Industry Voices—Hospitals should use clinician-driven sourcing strategy for supply chain

A clinician-driven sourcing strategy can help reduce variation among clinically equivalent medical supplies. (Getty/jacoblund)

Federal medical centers, hospitals, and clinics have a growing array of suppliers entering the healthcare marketplace. One approach for organizations to reap the benefits of these new—as well as current—suppliers is to establish a clinician-driven sourcing strategy.

A clinician-driven sourcing strategy provides a formal and informal mechanism for physicians, clinicians, and supply chain leaders to collaborate on sourcing and product/technology decisions. It helps reduce variation among clinically equivalent medical supplies that are used, thus reducing the amount of training time needed. When physicians and clinicians spend less time in training, they can spend more time taking care of their patients.

And that’s a good thing.

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This three-phase process for clinician-driven sourcing is one that federal healthcare organizations can institute and infuse into medical supply chain decision making and operations:

  1. Plan—The first phase can be broken into three steps: 1) Establish clinical value analysis teams and governance; 2) Obtain spend and usage data for benchmarking and identify products for review; and 3) Conduct market assessments for vendors that were identified.
    This planning phase is focused on ensuring that the appropriate structure is in place for clinician involvement by preparing sourcing activities and getting value analysis teams involved. Upfront planning by reviewing spend and usage data and engaging in market assessments is essential to ensure that  each value analysis team is adequately prepared to review products to yield the best outcomes and value. Therefore, this first phase helps ensure that all subsequent collaboration points are productive and focused on the task at hand.
  2. Develop—There are three steps here as well: 1) Determine and refine product requirements and needs; 2) Conduct clinical review of requirements; and 3) Provide input on acquisition strategies for requirements and needs.
    This phase helps ensure that the development of healthcare facility supply and equipment needs includes the voice of the clinician from initial requirements development through acquisition strategy formulation.
  3. Execute—In the execution phase, there are four steps: 1) Develop acquisition packages; 2) Review vendor bids; 3) Conduct awards; and 4) Provide input into implementation planning.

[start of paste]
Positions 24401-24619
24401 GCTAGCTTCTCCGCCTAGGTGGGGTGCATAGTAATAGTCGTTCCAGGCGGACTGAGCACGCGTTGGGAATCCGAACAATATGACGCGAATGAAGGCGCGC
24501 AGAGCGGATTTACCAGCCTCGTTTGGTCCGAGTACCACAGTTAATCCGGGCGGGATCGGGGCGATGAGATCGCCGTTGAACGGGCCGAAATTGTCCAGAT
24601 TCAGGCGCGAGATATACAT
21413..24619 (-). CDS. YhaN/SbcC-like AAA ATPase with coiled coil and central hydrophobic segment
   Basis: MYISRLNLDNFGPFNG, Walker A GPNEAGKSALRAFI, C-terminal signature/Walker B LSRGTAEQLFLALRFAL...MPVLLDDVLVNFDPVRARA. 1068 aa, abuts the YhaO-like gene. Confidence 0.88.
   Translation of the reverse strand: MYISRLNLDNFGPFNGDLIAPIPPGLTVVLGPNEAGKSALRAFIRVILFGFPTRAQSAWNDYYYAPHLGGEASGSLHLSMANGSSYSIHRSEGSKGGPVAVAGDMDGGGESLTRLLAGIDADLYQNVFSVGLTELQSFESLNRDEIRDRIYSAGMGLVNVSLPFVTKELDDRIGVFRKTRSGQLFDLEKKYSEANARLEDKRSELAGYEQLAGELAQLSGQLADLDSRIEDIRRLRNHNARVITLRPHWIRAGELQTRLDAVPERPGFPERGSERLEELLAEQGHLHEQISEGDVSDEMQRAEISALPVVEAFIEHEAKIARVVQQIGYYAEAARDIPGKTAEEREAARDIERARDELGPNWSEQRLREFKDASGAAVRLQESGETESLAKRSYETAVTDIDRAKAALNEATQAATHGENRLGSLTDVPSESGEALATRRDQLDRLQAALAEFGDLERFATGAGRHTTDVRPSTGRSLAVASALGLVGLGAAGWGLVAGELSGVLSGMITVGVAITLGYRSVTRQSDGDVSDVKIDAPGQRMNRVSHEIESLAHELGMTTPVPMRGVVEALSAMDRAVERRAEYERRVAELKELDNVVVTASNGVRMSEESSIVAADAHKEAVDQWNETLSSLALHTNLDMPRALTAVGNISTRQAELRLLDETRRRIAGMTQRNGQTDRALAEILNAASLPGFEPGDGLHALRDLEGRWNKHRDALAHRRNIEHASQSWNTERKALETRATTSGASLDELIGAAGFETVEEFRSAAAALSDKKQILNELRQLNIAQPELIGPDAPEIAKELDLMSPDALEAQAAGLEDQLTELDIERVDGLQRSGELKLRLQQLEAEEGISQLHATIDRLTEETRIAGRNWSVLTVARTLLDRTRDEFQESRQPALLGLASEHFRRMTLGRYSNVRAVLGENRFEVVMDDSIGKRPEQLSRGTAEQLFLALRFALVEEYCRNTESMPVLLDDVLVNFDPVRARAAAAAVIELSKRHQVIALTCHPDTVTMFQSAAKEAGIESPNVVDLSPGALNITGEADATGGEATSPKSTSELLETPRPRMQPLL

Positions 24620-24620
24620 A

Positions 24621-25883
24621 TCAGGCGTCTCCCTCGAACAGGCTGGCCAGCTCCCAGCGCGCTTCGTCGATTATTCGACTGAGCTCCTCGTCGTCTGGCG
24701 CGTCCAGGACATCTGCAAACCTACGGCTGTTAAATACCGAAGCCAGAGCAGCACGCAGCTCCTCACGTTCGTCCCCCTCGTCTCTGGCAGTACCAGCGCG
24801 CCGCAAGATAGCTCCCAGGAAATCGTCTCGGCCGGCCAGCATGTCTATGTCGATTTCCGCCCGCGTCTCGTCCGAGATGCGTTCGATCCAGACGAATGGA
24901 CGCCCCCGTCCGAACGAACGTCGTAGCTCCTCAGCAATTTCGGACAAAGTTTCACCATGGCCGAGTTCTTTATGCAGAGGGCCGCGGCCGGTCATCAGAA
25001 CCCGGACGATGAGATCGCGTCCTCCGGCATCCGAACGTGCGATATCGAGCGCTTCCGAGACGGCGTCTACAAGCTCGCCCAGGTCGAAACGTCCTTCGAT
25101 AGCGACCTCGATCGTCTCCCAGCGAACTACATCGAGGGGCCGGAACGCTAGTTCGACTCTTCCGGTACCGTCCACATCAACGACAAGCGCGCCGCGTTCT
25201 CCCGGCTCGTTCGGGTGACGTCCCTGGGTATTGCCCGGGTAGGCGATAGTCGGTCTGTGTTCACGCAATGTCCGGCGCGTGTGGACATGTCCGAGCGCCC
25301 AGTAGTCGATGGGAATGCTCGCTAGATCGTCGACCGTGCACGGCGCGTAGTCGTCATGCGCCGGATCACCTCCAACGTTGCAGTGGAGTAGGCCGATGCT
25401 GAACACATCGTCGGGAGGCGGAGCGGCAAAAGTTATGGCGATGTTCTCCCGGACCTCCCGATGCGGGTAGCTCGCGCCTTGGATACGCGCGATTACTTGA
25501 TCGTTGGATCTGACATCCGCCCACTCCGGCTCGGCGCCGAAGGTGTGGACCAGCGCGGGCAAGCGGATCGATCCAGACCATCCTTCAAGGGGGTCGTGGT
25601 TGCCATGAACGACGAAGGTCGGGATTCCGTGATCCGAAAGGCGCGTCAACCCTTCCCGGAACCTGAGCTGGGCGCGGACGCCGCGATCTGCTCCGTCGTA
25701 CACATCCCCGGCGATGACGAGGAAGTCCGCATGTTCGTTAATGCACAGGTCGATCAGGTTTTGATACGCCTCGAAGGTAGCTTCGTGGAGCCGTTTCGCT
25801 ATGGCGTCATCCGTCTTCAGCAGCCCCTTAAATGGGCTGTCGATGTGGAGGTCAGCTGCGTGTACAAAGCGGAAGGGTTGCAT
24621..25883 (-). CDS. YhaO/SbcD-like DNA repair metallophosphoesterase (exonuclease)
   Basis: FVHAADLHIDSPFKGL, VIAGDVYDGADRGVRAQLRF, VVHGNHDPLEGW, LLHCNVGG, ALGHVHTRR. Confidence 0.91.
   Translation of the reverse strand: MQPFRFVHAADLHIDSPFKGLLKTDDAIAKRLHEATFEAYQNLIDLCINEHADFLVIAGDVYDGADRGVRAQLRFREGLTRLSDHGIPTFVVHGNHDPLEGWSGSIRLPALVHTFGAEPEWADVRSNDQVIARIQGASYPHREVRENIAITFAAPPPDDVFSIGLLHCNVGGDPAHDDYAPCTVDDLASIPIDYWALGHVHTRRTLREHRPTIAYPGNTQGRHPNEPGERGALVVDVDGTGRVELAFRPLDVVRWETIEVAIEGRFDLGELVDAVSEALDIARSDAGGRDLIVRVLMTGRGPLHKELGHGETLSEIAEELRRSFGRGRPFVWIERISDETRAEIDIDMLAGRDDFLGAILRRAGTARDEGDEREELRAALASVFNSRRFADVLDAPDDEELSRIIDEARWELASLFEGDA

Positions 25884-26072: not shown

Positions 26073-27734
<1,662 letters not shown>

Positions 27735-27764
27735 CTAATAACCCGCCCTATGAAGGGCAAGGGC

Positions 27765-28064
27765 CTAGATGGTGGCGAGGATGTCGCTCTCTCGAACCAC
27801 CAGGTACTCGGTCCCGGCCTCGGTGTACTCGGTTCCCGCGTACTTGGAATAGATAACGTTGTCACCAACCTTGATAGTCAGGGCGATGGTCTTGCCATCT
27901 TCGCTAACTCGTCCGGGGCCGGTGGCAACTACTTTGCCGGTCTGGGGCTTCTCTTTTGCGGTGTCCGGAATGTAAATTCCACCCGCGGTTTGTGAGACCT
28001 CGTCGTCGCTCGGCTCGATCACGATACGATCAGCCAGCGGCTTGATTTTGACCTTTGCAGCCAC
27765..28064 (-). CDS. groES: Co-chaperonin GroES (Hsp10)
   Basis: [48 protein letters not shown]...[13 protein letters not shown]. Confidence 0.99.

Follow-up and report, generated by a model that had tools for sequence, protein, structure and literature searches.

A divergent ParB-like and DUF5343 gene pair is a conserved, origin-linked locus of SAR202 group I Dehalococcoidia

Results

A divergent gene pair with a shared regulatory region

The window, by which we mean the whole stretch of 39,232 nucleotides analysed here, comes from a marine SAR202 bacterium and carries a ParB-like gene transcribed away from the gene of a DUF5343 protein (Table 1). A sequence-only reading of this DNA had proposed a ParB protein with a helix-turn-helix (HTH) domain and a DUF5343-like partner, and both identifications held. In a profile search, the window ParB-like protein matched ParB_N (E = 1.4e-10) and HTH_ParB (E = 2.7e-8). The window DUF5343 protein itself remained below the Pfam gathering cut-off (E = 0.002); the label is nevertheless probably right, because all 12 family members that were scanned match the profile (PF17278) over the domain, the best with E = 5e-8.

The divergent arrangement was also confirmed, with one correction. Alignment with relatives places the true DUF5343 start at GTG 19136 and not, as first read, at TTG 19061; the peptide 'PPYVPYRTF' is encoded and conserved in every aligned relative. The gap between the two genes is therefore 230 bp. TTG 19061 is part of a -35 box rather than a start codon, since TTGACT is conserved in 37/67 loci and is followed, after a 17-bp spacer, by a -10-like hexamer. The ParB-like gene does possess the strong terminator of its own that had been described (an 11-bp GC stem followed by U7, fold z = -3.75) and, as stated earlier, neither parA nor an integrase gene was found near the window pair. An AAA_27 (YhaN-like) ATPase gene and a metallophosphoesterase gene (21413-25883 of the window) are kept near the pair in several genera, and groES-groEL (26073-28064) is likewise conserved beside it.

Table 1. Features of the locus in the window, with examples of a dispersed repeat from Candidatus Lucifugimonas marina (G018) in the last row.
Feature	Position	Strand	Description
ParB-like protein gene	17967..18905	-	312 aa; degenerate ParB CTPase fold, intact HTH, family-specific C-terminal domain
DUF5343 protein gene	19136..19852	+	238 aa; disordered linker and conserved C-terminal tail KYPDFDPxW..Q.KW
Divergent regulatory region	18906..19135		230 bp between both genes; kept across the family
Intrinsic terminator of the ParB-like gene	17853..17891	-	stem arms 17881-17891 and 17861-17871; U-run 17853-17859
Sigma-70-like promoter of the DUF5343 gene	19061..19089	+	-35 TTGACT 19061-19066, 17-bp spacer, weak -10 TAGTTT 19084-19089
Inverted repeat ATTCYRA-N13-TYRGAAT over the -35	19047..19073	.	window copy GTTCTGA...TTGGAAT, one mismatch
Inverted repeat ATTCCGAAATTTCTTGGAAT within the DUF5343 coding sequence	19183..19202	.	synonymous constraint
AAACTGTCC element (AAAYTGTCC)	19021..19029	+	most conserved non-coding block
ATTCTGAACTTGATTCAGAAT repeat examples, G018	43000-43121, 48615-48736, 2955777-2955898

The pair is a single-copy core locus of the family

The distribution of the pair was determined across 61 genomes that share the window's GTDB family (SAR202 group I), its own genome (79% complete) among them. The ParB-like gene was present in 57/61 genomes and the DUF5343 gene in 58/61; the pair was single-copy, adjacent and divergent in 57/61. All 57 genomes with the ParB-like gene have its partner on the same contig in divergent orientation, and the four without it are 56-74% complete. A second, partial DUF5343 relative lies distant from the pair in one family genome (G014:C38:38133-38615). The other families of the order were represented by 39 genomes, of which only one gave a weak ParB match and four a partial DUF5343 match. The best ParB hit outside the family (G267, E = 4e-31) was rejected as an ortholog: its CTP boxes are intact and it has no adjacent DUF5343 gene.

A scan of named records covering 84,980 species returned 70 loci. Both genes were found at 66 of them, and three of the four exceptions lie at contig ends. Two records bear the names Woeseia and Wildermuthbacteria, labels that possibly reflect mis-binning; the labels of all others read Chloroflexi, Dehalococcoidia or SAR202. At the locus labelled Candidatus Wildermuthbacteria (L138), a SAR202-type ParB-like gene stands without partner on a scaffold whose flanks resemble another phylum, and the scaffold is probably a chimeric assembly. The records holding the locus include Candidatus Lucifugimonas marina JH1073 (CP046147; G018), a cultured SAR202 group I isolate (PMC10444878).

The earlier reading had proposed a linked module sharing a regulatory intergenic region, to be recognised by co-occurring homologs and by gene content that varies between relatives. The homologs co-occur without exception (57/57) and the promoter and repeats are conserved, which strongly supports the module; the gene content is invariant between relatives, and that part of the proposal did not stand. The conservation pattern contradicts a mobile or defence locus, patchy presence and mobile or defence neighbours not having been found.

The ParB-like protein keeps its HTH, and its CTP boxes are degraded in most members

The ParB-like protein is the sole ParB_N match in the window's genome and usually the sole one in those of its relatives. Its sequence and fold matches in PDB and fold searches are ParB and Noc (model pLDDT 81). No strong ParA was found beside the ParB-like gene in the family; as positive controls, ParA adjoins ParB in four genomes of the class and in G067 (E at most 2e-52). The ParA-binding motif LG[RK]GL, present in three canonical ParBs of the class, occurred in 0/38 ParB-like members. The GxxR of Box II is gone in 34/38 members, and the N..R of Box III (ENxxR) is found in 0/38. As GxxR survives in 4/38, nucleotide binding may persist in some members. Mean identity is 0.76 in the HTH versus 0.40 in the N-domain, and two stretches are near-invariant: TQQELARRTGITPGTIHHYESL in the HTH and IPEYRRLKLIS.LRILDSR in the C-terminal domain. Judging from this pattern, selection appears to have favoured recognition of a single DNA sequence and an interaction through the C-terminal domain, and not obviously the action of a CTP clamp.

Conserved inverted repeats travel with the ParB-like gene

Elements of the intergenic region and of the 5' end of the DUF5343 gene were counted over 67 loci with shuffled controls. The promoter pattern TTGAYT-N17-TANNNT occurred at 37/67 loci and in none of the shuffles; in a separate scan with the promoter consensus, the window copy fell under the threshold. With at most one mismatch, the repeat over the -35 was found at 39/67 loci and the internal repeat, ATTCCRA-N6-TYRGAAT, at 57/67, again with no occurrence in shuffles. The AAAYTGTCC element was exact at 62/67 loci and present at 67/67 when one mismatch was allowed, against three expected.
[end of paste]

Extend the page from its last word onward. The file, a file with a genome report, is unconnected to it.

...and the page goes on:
This phase involves executing contracting and procurement actions to acquire the medical supplies, equipment, and services based on the collaborative efforts between clinicians and supply chain staff.

Establishment of a viable clinician-driven sourcing strategy must be supported from the highest levels of leadership within the organization. By promoting an environment that legitimizes the support needed to effectively build solid and sustainable partnerships, federal healthcare organizations can function efficiently and at the highest levels of productivity and mission support.

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In order for a transformation to be effective, leadership should enforce a change management strategy to communicate timely updates to the broader organization and train employees to use the new system and/or processes. Additionally, empowering clinicians to serve as advocates, or “Change Champions,” for the new process will help all clinicians get on board with the standardized products.

Several considerations are important for an effective clinician-driven sourcing strategy:

  • Commitment to change should be driven by leadership and endorsed by clinician and procurement staff as well as end users.
  • Product and service decisions should be determined through a logical and objective process driven by clinicians and clinical research.
  • Spend, utilization and any other market data used to make sourcing and procurement decisions should be based on accurate and verifiable sources.
  • Measurement and tracking of performance should be monitored to ensure that any specified business goals and objectives are achieved.
  • Organizational leadership should assemble a change champion network of clinicians who are responsible for supporting the supply chain transformation within their hospitals.
  • Providing the best care to patients should be the primary driver of this standardization strategy rather than focusing on cost optimization.

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Physicians, clinicians, and supply chain professionals, who are all committed to the well-being of patients and to procuring the right items at the best price, must work together to ensure that sound sourcing decisions are based on patient safety and quality of patient care. With ever-growing choices for products, getting a plan in place now can minimize variation in medical practice and reduce the amount of time that clinicians must spend learning how to use functionally equivalent products.

Crystal Williams is a manager with Deloitte Consulting LLP in the Supply Chain & Network Operations practice. Kelly Marchese is the supply chain & network operations leader for Deloitte’s Government & Public Services practice.